The FDIC, in contrast, maintains that the only reasonable
interpretation of the statutory scheme as a whole, both before
the 1996 Act and through the fourth quarter of 1996, was for
the Savings Fund assessment to include the amounts neces-
sary for both the Savings Fund and FICO. Before the Act
required a special assessment raising the Savings Fund re-
serves to the designated ratio, 12 U.S.C. s 1817(b)(3)(B)
ordered the FDIC to bring the Savings Fund to that level
within a fifteen year time frame. As the FDIC sees it, if
Bankers's interpretation of the pre-1996 statutory scheme is
correct, then the FDIC would have had to satisfy the require-
ments of FICO and the Savings Fund both out of the
61 Fed. Reg. at 67,688 n.2. We do not need to resolve whether the
FDIC is correct on this point to reach our conclusion.
assessment necessary to fund the Savings Fund alone, and
the Savings Fund could not have achieved the designated
reserve ratio within the required fifteen year period. More-
over, as the Savings Fund approached and achieved the
designated level, FICO would have received less and less,
then nothing at all unless the Savings Fund fell below that
ratio. Such an outcome, it argues, would contradict Con-
gress's clear intent to provide FICO with the funding neces-
sary to satisfy its bond interest payment obligations. Under
its own interpretation, the statutory scheme merely precluded
the FDIC from assessing for the Savings Fund's needs until
it had assessed an amount adequate to fund FICO, and the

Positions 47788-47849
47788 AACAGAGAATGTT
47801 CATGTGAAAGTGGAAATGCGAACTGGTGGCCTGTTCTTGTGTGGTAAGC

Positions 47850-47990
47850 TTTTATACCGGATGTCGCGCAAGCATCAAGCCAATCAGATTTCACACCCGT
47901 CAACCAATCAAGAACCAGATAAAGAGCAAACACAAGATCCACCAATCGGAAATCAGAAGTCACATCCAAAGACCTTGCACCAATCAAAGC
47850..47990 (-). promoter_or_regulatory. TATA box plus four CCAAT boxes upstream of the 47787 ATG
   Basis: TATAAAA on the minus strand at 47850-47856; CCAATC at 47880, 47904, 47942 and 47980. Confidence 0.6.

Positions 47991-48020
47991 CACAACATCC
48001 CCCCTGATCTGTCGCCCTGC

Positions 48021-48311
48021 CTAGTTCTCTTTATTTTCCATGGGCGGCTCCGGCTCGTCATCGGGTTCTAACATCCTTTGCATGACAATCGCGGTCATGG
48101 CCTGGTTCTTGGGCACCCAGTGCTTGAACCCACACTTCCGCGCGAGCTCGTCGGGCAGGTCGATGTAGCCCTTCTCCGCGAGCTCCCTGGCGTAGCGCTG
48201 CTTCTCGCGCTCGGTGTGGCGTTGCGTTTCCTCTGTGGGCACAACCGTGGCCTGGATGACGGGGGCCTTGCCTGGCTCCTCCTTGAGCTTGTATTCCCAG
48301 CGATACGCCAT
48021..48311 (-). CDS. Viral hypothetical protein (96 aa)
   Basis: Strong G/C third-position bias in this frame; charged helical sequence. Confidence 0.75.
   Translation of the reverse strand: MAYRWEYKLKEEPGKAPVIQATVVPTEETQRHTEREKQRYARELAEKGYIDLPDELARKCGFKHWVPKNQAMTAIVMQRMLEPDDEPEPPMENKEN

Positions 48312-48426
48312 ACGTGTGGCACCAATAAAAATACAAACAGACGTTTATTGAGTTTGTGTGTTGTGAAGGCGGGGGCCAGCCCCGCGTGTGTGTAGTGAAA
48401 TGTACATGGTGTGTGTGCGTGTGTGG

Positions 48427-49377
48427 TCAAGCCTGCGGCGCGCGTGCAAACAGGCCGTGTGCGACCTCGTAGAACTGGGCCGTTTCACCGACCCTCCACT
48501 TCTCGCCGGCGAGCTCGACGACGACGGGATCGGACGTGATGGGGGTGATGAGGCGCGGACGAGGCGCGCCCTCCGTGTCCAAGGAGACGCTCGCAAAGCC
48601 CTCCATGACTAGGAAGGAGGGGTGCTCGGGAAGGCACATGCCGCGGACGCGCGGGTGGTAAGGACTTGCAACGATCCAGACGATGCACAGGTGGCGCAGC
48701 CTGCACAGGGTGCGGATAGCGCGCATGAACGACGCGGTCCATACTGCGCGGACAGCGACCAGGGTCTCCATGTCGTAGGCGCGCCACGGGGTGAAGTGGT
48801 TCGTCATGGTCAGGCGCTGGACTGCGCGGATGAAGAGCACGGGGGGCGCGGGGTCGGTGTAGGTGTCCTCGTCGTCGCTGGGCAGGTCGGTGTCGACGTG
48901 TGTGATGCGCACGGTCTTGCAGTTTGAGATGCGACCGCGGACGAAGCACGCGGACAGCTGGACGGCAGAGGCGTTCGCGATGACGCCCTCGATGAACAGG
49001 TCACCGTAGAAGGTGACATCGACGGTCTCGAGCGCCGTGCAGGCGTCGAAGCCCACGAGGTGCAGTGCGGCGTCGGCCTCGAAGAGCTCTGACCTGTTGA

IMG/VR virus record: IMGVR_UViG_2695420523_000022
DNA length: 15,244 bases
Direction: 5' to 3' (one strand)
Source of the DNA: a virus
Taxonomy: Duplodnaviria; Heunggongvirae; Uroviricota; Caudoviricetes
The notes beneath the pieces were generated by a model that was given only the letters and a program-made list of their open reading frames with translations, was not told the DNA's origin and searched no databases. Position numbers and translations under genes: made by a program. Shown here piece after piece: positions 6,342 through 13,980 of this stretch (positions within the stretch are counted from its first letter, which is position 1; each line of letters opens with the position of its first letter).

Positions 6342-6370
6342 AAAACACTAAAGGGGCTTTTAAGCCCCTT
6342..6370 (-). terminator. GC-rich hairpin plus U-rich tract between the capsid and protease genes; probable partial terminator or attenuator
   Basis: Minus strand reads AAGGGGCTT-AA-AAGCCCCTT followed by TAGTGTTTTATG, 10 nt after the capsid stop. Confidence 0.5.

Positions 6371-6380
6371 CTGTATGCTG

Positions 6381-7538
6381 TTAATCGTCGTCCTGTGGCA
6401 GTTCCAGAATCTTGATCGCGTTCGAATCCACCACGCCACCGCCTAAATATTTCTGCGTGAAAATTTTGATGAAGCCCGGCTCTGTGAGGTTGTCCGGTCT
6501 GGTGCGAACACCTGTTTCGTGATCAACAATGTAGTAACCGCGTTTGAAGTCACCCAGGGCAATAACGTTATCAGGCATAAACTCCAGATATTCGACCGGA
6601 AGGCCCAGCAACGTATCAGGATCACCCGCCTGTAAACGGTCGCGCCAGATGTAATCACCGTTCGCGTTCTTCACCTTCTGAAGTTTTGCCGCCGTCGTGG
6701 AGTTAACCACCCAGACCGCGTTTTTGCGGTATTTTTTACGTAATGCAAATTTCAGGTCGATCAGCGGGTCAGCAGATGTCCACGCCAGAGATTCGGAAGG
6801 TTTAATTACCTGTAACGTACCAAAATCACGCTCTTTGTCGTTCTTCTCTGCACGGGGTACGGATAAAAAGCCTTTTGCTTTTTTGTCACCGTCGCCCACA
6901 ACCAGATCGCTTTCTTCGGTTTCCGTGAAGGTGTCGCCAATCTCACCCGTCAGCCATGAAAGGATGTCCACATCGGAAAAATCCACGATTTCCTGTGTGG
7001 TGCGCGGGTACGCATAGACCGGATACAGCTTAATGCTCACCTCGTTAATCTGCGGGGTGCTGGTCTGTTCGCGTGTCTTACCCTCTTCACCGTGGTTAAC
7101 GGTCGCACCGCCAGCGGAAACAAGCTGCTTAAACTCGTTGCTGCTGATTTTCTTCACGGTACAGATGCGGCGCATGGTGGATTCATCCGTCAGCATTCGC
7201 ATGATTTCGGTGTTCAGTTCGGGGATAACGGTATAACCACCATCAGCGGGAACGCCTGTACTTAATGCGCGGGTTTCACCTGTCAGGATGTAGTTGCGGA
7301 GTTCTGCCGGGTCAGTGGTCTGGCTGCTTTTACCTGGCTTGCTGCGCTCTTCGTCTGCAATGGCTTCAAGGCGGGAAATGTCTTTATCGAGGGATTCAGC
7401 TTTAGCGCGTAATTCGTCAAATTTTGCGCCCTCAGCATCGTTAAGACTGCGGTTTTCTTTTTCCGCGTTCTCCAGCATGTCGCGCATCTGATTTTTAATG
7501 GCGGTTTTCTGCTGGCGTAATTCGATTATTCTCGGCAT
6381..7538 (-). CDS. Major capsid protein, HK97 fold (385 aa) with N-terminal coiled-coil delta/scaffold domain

FDIC could maintain a stable cash flow for FICO even after
the Savings Fund attained the designated reserve ratio.
Moreover, the statute does not provide for a refund of the
FICO assessment. If Congress intended a refund, the FDIC
asserts, it would have provided for one.
The overall statutory scheme involves a statute over which
the FDIC does not possess administrative authority, 12
U.S.C. s 1441. Ordinarily, an agency's interpretation of a
statute it does not administer is not entitled to deference.
See, e.g., Professional Reactor Operator Soc'y v. United
States Nuclear Regulatory Comm'n, 939 F.2d 1047, 1051
(D.C. Cir. 1991). Nevertheless, because the FDIC's actions
derive principally from its interpretation of 12 U.S.C.
s 1817(b)(2), which it does administer, the two-step Chevron
inquiry is appropriate here. See Chevron, 467 U.S. at 842-43.
Under the Chevron standard, if Congress has directly spoken
to the issue, and the intent of Congress is clear, then there is
nothing for the agency to interpret, and the court must give
effect to the unambiguous expression of Congress. See id.
If, however, the court decides that the statute is ambiguous,
then the court determines only whether the agency's inter-
pretation is a reasonable one. See id.
Turning to the first step of the analysis, we cannot agree
with Bankers that the plain meaning of 12 U.S.C. s 1441(f)(2)
and 12 U.S.C. s 1817(b)(2) required the FDIC to refund the
FICO assessment. Neither can we concur with the FDIC's
claim that these provisions explicitly precluded a refund.
Indeed, both parties offer reasonable interpretations of the
proper functioning of the statutory scheme. In our view, the
intersection of 12 U.S.C. s 1817(b)(2)(A) and 12 U.S.C.
s 1441(f)(2) was somewhat ambiguous even before the Act,
and the staggered effective dates imposed by the Act sub-
stantially compounded that ambiguity.
We note however that 12 U.S.C. s 1817(b)(2)(A) gives the
FDIC the authority to "set" the Savings Fund assessment
amount, then articulates several factors including the "any
other factors" element for the FDIC to consider in doing so.
In its notice of final rulemaking and before this court, the
FDIC asserted that the pre-1996 Act statutory scheme in
effect when the assessment at issue was collected, as well as
the "any other factors" language of 12 U.S.C.
s 1817(b)(2)(A)(ii) which survived the Act, gave it some dis-
cretion to deny a FICO assessment refund on the ground that
such a refund would imperil FICO funding. See 61 Fed. Reg.
at 67,692; Appellee's Br. at 26-27, 30, 32. Although each
party argued that the case should be resolved in its favor at
Chevron step one, our conclusion that the statutory scheme is